New Zealand has been "discovered" by global fraudsters and the general public are being seen as the easy targets.
That's the view of fraud experts at the Police and New Zealand's largest bank - the ANZ.
Agencies which deal with scams and frauds in New Zealand have pointed to a big increase in the past year.
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Bridget Doell, a detective senior sergeant at the Police financial crime unit in Auckland, said the scams being seen in New Zealand had been operating in other parts of the world for some time.
"Traditionally these trends have emerged globally for a long time and in my view we are finally seeing it in New Zealand - the scammers are finally reaching this far."
Doell has worked in the police combating fraud since 2010 and has noticed the rise in scams here.
"It has certainly spiked in the last year."
ANZ's Natasha McFlinn, a senior fraud manager at the bank, believes the problem is only going to continue to grow.
"I think we will see an increase in attempts. The banks, the police, CFFC [the Commission for Financial Capability] are doing more all the time, we are really on this problem."
But she believes it is consumers who are being targeted.
McFlinn said banks and other corporates had tightened their security in recent years to shore up their defences against fraudsters.
"It is really hard to get into their systems and for fraudsters to do unauthorised things. So they are starting to move more and more into just attacking customers directly because tricking somebody into making a payment is a lot easier and it is harder to detect."
Around a third of the scams ANZ sees relate to remote access, cold calling scams.
That's where you get a call out of the blue from someone purporting to be from a well-known company and saying there are problems with your computer and they need access to it.
Once granted that access they can empty your bank account.
"The sums of money are generally larger, from an older population because they tend to have more access to cash because they have retirement savings," said McFlinn.
She says a lack of understanding of technology is often what catches people out.
"It is people saying my computer has been hacked because somebody told me. I don't know much about computers so it must be true."
From there the money is often transferred to a "mule", a person who takes a fee for moving money through their account and then either withdrawing it or transferring it elsewhere.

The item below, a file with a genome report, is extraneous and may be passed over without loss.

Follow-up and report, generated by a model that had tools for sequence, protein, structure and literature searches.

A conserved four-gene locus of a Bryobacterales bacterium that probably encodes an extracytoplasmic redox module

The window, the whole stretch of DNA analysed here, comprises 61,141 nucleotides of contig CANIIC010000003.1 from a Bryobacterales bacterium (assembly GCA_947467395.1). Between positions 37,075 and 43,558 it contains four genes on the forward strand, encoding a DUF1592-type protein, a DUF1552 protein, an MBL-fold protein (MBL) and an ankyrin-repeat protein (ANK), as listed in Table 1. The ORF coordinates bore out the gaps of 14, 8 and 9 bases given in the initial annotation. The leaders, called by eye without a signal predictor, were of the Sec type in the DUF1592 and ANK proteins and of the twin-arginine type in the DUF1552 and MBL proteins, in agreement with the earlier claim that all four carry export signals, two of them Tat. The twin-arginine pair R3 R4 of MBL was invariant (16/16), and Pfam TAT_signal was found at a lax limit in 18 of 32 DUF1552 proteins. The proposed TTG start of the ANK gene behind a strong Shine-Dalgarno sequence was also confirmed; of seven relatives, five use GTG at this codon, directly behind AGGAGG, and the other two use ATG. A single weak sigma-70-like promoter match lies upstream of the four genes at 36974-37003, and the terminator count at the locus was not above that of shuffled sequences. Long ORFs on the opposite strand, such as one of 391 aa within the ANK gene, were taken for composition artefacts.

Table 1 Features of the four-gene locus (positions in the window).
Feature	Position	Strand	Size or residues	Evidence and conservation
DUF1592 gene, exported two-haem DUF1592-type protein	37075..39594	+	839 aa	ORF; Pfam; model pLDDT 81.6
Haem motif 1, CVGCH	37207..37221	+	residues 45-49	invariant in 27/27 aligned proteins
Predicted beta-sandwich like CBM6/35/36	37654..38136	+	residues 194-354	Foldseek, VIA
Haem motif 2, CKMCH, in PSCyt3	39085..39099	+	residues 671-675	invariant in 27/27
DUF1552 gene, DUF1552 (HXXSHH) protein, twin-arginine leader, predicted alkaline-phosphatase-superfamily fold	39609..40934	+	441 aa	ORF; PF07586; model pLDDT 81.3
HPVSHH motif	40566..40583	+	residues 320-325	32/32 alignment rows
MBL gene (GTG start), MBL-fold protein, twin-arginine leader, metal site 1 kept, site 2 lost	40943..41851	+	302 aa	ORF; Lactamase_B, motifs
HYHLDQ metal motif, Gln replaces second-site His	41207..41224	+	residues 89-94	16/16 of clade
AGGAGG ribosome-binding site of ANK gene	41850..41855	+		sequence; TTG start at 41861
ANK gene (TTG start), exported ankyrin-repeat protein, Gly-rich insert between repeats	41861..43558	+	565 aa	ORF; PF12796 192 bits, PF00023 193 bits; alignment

ANZ reported 842 cases of money mules in the year to October - a 69 per cent rise on the prior period.
McFlinn says: "There is an increase in scams so there will be a natural increase in mules. But I think another part of it is, we and all the banks, have got very good at detecting international money transfers so because we can stop those pretty quickly, they need to find a way of moving the money domestically and disguising it before it goes overseas so that is where some of these rings are popping up."
Acting as a money mule is illegal in New Zealand. Some of those who get involved, wittingly or unwittingly, are international students who are encouraged to sell their bank account details to someone upon leaving New Zealand.
"Often they have had a normal bank account as a student - they have been going to bars and things. Then they sell their details on - it does take time to notice."
Looking for scams can be a bit like a needle in a haystack. McFlinn said about 350,000 bill payments went from the ANZ every day and statistically about half of one of those was a scam.
"So while it is very significant when it happens and we do see scams every day, in the context of all the payments it is pretty tough because there are so many."
The bank It uses a fraud detection system which runs hundreds of rules over transactions to look for that fraudulent payment and hold it.
Payments have got faster and faster in recent years and within the same bank they can be instantaneous. Between banks transfers are processed multiple times a day.
Some have suggested slowing that down would help pick up more fraud, or at least give people who have been scammed more time to react and get their money back.
McFlinn said there were regulations that required it to make payments quickly and not hold them up and it relied on its fraud detection system to find the transactions that were at issue.
Anyone who believes they have been scammed is urged to contact their bank as soon as possible.
Doell has a clear message for those wanting to avoid getting caught out.
"Do not trust anyone that calls you, emails you or asks for any personal information or identification about you. Do not move any money that is out of the norm.
"If you have any queries or concerns hang up the phone immediately and go into the bank or telco and ask them face to face why they have tried to call you. More often than not, you will find out it wasn't them calling, it was a scammer."